Rose Tinted Spectacles

We are eking out our Christmas chocolates (not because we are saintly in our approach to all things confectionary  but because Treats – butter, cheese, nice fat roasting chickens, good chocolates – are hard to come by in the Outpost); we’ve got to the Quality Street: saving the best till last.

Quality Streets elicit teeth achingly sweet memories of childhood: my favourite then was the flat golden wrapped toffee. My choice has matured to the big purple one with the nut in the middle.

After supper Hat makes her selection with infinite care.

”Can I have three?”

”No, you can have two”.

This just slows up her deliberations because I’ve limited her choice.

”Have this one”, I proffer …. ”and this one”. (They are the Chocolate Orange Creme and the Strawberry Delight: which husband and I hate and she loves; imperative to have a lover of the orange and strawberry chocolates in any family or you’ll have to share the Caramel Swirls and Vanilla Fudge).

I digress.

Hat unwraps her chocolates and as I watch her smooth the colourful cellophane of each one to flatness on the dining table I am struck by another memory.

”I used to do that”, I tell her as I watch, ”when I was little.  And then I used to make spectacles using the coloured paper as lenses”.

Hat smiles, ”did you mummy?”

”Yes, I did, look”. And I pick the red wrapper up and put it to an eye. My world has gone pink.

”Rose tinted spectacles”, I say.

Hat, who is experimenting with a blue and a yellow asks, ”what does that mean?”

People who look on the bright side of life are sometimes said to be wearing rose tinted spectacles.

”I’m going to make some glasses like that, Mum, I’m going to make some with …. ” and she thinks …. ”green on one side and orange on the other.”

I laugh again.

”And then, when we go to Arusha I’m going to go to Shoprite (the largest supermarket in town) wearing my glasses and I’m going to wave at all my friends” (and she gets up from the table and minces around it waving at unseen crowds like a red carpet treading celeb might).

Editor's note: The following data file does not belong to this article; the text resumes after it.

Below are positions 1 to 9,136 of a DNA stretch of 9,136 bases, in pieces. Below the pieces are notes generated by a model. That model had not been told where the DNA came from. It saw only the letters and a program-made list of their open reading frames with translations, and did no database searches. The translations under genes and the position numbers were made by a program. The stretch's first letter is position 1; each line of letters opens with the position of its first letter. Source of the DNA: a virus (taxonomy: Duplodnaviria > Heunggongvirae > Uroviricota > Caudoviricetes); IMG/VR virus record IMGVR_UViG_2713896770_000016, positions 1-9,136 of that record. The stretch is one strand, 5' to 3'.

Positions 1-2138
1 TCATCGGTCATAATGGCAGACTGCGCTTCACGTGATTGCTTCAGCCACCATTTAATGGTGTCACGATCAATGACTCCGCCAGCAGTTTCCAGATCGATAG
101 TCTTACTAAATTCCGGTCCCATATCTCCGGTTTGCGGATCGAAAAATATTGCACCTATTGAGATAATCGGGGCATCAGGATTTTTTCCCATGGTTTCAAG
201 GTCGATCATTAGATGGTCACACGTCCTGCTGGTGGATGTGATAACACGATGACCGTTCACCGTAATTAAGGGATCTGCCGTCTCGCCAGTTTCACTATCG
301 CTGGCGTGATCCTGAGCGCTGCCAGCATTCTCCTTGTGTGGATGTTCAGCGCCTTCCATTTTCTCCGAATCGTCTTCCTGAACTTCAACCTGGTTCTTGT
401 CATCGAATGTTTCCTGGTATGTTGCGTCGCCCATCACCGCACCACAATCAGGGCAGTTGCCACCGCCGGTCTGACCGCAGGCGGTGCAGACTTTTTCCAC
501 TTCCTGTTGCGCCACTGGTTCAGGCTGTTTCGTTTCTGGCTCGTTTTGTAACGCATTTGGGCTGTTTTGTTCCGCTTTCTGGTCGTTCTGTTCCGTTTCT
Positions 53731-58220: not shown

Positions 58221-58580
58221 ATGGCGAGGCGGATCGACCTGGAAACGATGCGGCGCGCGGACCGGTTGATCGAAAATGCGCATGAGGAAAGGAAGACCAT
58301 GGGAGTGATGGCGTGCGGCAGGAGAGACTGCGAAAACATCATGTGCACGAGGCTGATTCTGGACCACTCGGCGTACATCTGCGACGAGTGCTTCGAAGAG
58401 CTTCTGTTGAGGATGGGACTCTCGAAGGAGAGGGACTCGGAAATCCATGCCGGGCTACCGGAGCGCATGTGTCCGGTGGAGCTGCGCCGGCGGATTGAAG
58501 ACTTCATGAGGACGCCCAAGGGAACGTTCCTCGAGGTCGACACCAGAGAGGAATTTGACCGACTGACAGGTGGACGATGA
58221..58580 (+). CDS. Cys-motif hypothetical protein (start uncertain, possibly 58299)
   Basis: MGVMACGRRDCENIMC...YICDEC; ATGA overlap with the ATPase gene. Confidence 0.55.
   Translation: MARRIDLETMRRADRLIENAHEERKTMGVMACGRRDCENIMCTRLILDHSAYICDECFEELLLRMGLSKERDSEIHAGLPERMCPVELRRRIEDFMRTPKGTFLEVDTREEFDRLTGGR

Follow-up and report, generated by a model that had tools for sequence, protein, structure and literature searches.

”People will think you’ve gone potty living in the bush” I tell her, “wearing your home-made glasses with different coloured lenses!”.

“So what?” she retorts, ”I shall them I’m looking on the bright side”.

So what indeed. Perhaps I’ll make some for myself.

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17 Responses to “Rose Tinted Spectacles”

  1. Mzungu Chick Says:

    Mem – that is brilliant. Please tell Hat to keep me all pink wrappers as I so want some rose coloured glasses to look through. Mine are getting blacker and blacker. Mind you, its probably because our christmas chocolates this year were just After eights! – but I’ve still got half the box and a full monster size tube of smarties that my son hasn’t even started yet – in case Hat wants to swop!

  2. DJ Kirkby Says:

    Hello, I’ve only read this one post so far but you write beautifully.

  3. reluctantmemsahib Says:

    Mzungu Chick: oh no, the pink ones are for me – you read a recent post: I need all the help I can get to look on the bright side. We’ll save you the orange ones though? Then you can dress up like yoko ono? Which will brighten everybody’s day.

    DJ – thank you very much. For reading. and being so kind about my blah.

  4. ann Says:

    Bloody hell. How do you get TV, internet, telephone? Are you linked up to satelite? How does that work? What a strange world where you have to travel so far for milk and bananas and yet you can use all this technology. My brain hurts at the thought of it! Travelling for milk and bananas, that is!

  5. reluctantmemsahib Says:

    no no no Ann, the milk and bananas I can get in the local duka. The cornflakes I have to travel hundreds of miles for. The technology? I know – amazing isn’t it; tanzania has roared ahead regards telecoms. The tv is sat, the internet and phone, courtesy of Tanzania Telecommunications Co Ltd. The roads are still crap, mind. Thanks for reading.